The FBI probe that landed in Anaheim apparently took off from Irvine, another large city in Orange County known for massive special interest campaign spending.
“We’re identical in politics with Anaheim,” said former Irvine Mayor Christina Shea in a phone call with Voice of OC Thursday morning. “Just swap the Angels for FivePoint.”
To be clear, the FBI has not charged FivePoint with anything and there’s no indication they’re a subject of any investigation.
But the recent FBI disclosures from Anaheim are spurring a discussion in Irvine on whether the cash invested by FivePoint and other developers in the city gives them undue influence over the council who’s supposed to keep them in check.
FivePoint did not respond to requests for comment from Voice of OC.
FivePoint has been one of the city’s largest campaign spenders for years, and that influence has bought them the ability to even publicly ignore the city council’s summons in the past without repercussions.
“If you look at the various cities in Orange County, we see a significant amount of special interest money to elections in the city of Irvine,” said Chapman University professor Mike Moodian. “Money is the mother’s milk of politics, whether one likes that or not that’s the reality.”
But that spending isn’t necessarily illegal, and it goes beyond just developers.
“We see a lot of union money that goes into politics, and whether it’s a business interest or a union interest, it’s bipartisan,” Moodian continued. “Both unions and the business interests will support whether they’re Republican or Democrat as long as they’re friendly to them.”
Since 2014, FivePoint alone has invested at least $2.2 million in Irvine City Council races and local ballot measures according to state and local finance records, sending money through organizations like the Friends of the Great Park Political Action Committee that almost exclusively got its money from a single source.
The developer also donated to other groups such as the OC Business PAC and Building Industry Association of Southern California PAC during that same time, two campaign money vehicles that donate to candidates throughout Orange County and Southern California.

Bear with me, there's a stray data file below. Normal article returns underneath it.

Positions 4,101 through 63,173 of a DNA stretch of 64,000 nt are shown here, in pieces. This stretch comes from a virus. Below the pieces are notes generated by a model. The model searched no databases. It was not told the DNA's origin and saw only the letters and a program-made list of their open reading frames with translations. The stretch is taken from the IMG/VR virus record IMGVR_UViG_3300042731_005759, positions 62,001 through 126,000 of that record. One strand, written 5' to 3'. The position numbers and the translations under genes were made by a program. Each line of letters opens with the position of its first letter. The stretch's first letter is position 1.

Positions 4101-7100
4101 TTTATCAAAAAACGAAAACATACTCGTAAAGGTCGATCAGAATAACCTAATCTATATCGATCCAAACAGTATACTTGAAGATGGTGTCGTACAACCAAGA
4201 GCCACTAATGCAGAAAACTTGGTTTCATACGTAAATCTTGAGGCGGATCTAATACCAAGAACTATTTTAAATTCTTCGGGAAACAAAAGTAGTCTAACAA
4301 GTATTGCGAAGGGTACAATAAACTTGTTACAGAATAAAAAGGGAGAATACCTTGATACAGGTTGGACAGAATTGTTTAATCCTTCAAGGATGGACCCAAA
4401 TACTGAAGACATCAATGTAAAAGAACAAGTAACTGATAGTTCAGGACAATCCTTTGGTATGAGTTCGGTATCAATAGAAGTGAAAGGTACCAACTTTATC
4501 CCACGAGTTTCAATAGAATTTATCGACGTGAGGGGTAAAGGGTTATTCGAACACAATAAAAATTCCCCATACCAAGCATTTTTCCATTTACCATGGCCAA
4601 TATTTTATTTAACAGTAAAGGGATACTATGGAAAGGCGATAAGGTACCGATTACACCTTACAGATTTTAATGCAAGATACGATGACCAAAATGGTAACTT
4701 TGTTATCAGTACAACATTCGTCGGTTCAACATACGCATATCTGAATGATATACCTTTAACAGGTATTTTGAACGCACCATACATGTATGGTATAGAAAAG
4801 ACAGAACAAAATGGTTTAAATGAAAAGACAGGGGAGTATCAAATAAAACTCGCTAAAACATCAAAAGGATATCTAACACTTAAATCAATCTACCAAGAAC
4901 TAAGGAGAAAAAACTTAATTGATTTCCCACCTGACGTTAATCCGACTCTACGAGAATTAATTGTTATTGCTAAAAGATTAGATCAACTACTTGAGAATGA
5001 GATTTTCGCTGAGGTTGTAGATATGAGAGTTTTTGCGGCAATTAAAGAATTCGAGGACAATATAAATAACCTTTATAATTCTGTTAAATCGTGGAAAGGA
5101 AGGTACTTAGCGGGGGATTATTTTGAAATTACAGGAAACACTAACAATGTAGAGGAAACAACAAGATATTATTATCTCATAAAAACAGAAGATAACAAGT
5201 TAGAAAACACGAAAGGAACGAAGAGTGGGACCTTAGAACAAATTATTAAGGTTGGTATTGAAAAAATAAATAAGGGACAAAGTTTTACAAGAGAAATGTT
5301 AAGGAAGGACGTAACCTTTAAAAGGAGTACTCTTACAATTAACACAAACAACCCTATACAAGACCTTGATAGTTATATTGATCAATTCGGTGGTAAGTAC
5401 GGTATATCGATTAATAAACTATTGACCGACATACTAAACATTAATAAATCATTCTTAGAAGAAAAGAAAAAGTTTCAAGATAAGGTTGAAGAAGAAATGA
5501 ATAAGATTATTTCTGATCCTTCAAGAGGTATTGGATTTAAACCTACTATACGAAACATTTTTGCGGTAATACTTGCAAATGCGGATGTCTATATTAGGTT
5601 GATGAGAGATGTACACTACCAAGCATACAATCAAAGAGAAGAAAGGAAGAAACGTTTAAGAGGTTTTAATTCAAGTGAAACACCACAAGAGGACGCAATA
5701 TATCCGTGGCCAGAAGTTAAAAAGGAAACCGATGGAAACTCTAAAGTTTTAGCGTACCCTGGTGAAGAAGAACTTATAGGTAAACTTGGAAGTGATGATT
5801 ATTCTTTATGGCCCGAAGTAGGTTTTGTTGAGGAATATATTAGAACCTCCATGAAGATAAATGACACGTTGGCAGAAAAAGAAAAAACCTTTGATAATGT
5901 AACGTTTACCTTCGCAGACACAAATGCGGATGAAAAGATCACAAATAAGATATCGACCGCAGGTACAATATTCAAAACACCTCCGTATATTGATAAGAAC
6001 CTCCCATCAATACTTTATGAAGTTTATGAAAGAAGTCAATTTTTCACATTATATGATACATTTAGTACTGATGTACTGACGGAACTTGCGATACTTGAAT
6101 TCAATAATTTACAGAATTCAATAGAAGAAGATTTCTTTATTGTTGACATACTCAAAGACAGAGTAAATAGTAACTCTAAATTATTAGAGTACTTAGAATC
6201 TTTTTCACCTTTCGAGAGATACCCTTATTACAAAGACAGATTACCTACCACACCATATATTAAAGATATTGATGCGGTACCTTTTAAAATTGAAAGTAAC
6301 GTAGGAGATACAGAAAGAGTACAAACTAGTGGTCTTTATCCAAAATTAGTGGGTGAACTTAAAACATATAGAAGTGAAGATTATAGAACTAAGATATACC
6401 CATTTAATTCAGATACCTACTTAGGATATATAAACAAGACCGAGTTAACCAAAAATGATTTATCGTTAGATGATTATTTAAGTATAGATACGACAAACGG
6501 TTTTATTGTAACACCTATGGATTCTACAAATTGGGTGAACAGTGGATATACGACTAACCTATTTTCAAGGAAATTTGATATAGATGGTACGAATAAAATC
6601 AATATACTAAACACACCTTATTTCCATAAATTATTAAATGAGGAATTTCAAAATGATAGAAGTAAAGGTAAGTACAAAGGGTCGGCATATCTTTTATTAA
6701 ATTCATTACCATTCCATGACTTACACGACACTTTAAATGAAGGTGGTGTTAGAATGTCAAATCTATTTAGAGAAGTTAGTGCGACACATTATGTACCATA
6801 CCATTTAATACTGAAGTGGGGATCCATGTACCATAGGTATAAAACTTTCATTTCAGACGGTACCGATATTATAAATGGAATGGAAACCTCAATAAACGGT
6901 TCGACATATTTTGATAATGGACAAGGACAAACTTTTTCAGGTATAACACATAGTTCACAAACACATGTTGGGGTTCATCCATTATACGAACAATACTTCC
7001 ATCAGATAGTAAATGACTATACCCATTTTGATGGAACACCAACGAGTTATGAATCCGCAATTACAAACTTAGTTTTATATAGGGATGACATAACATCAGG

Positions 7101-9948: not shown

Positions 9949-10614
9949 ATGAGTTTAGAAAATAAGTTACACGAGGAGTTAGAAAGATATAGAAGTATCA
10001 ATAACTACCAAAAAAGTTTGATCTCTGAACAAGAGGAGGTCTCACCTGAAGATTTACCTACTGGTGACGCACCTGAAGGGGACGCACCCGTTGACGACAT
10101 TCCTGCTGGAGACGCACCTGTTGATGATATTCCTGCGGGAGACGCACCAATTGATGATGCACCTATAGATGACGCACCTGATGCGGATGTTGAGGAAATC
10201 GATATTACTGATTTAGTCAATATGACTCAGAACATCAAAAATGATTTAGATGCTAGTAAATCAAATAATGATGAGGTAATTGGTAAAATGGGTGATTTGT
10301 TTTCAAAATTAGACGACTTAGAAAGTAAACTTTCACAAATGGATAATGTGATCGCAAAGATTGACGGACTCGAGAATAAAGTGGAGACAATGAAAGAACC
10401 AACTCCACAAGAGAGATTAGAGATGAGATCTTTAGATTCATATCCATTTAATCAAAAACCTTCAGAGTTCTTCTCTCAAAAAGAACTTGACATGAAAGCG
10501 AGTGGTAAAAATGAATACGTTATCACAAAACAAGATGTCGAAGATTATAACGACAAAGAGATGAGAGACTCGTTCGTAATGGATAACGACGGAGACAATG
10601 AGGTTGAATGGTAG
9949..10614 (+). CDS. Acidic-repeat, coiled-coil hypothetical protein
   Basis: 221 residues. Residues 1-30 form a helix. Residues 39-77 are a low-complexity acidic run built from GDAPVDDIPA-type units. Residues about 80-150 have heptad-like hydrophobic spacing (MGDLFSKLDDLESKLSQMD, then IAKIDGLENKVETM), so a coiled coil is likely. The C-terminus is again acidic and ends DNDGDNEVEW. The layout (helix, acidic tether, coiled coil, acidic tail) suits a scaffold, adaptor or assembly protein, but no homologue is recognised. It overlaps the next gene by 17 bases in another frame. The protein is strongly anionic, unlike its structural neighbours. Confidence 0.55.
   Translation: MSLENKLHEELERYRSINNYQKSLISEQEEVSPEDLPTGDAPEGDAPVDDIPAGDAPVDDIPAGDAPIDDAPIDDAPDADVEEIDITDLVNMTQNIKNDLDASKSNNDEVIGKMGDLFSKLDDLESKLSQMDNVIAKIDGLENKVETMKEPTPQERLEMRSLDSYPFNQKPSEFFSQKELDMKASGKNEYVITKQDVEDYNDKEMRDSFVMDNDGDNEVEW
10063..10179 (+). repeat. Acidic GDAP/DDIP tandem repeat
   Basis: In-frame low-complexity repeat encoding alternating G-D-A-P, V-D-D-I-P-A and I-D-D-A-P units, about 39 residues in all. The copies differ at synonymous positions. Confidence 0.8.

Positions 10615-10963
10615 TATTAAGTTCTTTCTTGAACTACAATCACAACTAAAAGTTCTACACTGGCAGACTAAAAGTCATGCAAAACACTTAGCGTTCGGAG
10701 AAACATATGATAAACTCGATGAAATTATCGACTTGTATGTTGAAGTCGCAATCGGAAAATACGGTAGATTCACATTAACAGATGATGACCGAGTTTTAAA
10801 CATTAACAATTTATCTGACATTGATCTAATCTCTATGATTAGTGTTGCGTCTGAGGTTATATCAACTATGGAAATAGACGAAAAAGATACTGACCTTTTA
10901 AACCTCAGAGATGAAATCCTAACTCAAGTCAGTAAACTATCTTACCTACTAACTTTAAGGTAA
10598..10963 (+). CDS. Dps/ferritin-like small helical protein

That influence has stayed consistent across different council regimes of both partisan colors in recent years.
In the early 2000s, FivePoint was closely allied with then-Mayor Larry Agran and the Democratic majority, but pivoted to supporting Republican candidates around 2012, a fact that was pointed out by former Councilman Jeff Lalloway in 2013 when Agran complained about the developer’s campaign spending.
“Councilman Agran received more money from developers when he and his little group was in control and he’s now claiming that he wasn’t beholden to developers? I believe he approved every project that came before the council for development in the years from 2000 to 2012 when he was in control,” Lalloway said.
Lalloway did not respond to requests for comment on this article.
“Absolutely,” said longtime City Councilman Larry Agran when asked if developers and special interests played an outsized role in the city’s politics.
While Agran worked closely for years with FivePoint to create the original plans for the Great Park, they had a falling out over a decade ago and have been political enemies ever since.
“The real money that comes in, in large amounts comes in through special interests and developers,” Agran said. “Land development in Irvine has been key.”
Shea directly pointed a finger at political consultants like Melahat Rafiei, a longtime leader in the California Democratic Party and Patrick Strader, FivePoint’s chief lobbyist, as one of the big problems facing the city, referring to lobbyist influence as the city’s sixth councilmember.